Nye does not argue that soft power is more important than hard power. Rather, he argues that soft power is gaining in importance because America cannot solve many of the problems it faces today, at acceptable cost, by resort to hard power alone.9 For instance, imagine the difficulty of solving any of the following problems without the cooperation of other states: the spread of infectious disease, the flow of illegal migrants, international industrial pollution, habitat destruction, drug smuggling, or terrorism. The list could continue, but the point is that even America, with the most powerful military and the strongest economy in the world, needs the cooperation of other states to address many significant issues it faces. Therefore, America must pay heed to the opinions, concerns, and perceptions of other countries and peoples in the conduct of its affairs.

Nye begins his analysis with a comprehensive exploration and evaluation of the current distribution of global power. In very clear and persuasive terms, he demonstrates that the United States is by far the most powerful country in the world. Nye's comparative analysis devotes se

eral pages each to China, Japan, Russia, India, a combined Europe, and several of their possible combinations. He provides a wide range of factors bearing on a country's power, including the number of nuclear warheads, defense budget, personal computers per 1000 residents, Gross Domestic Product, population, high-tech exports, manufacturing capacity, and several others.10 Nye includes a helpful chart that summarizes and displays the relationships.11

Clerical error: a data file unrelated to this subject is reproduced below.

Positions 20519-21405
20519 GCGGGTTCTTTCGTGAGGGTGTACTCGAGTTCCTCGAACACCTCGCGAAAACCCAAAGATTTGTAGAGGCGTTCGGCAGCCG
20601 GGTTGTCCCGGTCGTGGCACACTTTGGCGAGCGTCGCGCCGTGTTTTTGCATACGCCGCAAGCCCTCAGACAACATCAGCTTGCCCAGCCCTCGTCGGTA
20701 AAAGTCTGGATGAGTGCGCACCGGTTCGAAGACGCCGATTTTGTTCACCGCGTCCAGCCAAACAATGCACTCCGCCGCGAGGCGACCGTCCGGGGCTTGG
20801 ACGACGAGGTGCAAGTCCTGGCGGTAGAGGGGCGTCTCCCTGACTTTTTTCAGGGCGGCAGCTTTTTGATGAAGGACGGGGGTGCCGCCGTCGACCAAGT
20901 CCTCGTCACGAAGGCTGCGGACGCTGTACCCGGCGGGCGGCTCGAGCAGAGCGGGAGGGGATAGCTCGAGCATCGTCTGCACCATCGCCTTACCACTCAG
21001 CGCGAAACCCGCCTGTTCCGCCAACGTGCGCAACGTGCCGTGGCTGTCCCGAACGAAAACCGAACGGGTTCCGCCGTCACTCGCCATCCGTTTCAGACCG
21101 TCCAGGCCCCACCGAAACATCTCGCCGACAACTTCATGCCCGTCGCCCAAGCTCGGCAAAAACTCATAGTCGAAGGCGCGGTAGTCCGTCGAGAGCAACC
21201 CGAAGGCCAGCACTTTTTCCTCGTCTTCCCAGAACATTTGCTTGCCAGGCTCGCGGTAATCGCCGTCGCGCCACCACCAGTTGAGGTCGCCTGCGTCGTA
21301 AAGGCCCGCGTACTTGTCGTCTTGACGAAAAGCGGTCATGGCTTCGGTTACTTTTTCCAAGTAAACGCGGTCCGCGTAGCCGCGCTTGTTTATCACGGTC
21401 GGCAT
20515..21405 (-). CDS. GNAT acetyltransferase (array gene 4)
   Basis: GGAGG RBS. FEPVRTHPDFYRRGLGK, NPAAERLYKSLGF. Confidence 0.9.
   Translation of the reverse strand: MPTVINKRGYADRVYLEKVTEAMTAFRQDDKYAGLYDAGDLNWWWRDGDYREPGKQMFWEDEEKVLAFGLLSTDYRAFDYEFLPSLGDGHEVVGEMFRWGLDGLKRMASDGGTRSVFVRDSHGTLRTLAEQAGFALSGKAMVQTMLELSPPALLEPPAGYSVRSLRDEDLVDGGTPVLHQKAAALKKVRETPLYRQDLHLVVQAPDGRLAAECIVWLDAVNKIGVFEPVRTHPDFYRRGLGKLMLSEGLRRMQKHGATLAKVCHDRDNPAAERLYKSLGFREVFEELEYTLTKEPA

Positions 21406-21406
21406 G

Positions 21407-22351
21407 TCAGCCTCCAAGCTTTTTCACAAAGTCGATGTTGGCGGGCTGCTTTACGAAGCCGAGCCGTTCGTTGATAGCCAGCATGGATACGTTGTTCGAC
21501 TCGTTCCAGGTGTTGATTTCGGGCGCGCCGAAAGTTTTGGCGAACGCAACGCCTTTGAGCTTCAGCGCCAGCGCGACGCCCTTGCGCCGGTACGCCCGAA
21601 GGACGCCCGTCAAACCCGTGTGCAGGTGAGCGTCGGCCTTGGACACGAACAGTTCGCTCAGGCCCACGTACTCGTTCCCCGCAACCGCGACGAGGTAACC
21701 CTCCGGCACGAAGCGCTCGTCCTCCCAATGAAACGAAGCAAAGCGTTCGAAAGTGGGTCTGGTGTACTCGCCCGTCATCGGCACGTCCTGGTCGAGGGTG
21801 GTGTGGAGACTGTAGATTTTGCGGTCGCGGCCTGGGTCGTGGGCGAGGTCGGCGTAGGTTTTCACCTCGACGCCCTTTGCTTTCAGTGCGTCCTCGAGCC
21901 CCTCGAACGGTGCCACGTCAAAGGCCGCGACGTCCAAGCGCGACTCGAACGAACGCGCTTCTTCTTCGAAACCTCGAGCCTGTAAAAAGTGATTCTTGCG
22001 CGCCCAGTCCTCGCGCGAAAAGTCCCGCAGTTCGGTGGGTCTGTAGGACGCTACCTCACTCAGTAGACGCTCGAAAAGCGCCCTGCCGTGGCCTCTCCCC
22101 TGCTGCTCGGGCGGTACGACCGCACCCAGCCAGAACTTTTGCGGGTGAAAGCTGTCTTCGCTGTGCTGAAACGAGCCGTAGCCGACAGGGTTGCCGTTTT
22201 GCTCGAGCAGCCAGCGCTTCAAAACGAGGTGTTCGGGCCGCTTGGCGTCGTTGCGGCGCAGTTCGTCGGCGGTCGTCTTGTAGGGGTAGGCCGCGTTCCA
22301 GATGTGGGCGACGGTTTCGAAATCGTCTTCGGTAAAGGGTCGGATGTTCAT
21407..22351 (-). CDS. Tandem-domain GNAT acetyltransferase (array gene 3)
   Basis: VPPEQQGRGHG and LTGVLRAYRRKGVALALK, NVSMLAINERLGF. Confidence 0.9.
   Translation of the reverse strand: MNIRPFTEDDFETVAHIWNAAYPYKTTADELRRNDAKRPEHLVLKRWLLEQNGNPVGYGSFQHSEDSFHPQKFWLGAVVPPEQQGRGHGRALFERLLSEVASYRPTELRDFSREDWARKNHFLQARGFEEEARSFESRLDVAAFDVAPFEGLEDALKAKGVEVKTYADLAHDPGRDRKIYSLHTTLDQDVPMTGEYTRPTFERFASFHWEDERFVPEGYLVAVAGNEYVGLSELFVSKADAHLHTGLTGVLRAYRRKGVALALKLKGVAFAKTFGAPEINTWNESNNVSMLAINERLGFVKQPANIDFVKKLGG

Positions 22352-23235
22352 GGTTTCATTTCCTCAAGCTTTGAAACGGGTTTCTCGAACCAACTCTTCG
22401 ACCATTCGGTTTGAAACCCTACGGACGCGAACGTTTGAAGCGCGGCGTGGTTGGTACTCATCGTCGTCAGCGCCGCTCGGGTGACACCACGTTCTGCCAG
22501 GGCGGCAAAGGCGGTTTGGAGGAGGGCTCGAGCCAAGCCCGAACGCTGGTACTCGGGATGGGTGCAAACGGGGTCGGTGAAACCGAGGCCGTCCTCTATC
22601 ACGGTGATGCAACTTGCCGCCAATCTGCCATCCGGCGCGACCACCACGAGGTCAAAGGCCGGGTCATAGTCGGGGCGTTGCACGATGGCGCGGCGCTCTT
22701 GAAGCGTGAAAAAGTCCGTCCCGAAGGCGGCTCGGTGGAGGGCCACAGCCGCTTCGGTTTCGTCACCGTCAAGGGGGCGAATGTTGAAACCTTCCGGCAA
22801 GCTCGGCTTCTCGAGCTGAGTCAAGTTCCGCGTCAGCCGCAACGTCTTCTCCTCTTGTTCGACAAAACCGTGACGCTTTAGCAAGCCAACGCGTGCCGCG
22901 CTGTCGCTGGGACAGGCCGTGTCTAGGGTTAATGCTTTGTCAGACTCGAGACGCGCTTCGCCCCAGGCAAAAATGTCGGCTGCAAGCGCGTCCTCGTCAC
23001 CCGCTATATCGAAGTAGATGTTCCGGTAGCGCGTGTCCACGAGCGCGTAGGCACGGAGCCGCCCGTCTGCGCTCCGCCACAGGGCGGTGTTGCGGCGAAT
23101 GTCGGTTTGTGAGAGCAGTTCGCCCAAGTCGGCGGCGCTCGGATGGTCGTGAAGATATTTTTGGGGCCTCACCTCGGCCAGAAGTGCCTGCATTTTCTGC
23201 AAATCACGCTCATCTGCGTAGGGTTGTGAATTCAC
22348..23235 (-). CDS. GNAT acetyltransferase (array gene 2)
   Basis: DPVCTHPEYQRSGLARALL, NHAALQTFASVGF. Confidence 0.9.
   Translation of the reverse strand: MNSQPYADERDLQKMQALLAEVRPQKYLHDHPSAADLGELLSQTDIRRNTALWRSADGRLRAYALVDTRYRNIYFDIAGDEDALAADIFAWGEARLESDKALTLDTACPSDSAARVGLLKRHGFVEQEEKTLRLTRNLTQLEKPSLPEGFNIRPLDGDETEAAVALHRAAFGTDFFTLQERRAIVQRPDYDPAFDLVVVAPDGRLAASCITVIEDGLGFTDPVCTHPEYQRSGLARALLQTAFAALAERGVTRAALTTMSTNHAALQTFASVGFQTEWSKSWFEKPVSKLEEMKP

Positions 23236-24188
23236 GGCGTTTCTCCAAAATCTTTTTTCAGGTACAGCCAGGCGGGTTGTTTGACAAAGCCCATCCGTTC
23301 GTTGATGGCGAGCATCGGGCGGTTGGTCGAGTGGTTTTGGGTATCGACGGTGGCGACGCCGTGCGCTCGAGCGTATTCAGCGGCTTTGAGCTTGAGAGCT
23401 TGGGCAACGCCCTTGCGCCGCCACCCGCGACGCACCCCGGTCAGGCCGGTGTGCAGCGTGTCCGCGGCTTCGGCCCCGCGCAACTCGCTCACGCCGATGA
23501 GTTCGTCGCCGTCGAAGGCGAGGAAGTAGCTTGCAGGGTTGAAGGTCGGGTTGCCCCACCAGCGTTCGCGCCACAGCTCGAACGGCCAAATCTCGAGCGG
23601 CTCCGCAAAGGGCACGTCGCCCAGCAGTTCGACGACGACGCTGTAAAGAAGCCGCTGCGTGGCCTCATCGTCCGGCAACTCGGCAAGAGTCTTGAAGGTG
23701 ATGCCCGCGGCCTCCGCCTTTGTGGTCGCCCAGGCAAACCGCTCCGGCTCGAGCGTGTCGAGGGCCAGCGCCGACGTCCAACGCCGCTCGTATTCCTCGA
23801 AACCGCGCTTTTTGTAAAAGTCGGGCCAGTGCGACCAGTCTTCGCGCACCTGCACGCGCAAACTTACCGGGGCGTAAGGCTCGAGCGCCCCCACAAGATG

Next, Nye shows how the various factors interrelate. In Nye's view, power is a multifaceted and comprehensive concept, which he explains using the metaphor of a three-level chessboard. Military power occupies the top chessboard. At this level of power, the world is unipolar. The "United States is the only country with both intercontinental nuclear weapons and large, state-of-the-art air, naval, and ground forces capable of global deployment."12 Economic power resides on the second, multipolar chessboard, upon which Europe and Japan can already balance the United States, and China will probably become a significant power early this century. The bottom chessboard is the realm of "non-state actors as diverse as bankers electronically transferring sums larger than most national budgets, at one extreme, and terrorists carrying out attacks and hackers disrupting Internet operations, at the other."13 Here, power is widely dispersed, rendering any discussion of polarity obsolete.

Nye then explores and explains two macro-trends that he believes are increasing the importance of soft power such that the United States must embrace this concept. The first trend is the "Information Revolution."14

Nye offers some "gee-whiz" statistics to create a sense of the magnitude of the information explosion that has occurred over the past years. The growth in Web pages, e-mail messages, and gigabytes of stored data is so vast, it defies practical comprehension: "If the price of automobiles had fallen as quickly as the price of semiconductors, a car today would cost $5."15 Fortunately, Nye's statistical onslaught is relatively short, and it

makes the point that the information revolution is objectively and measurably happening and therefore undeniable.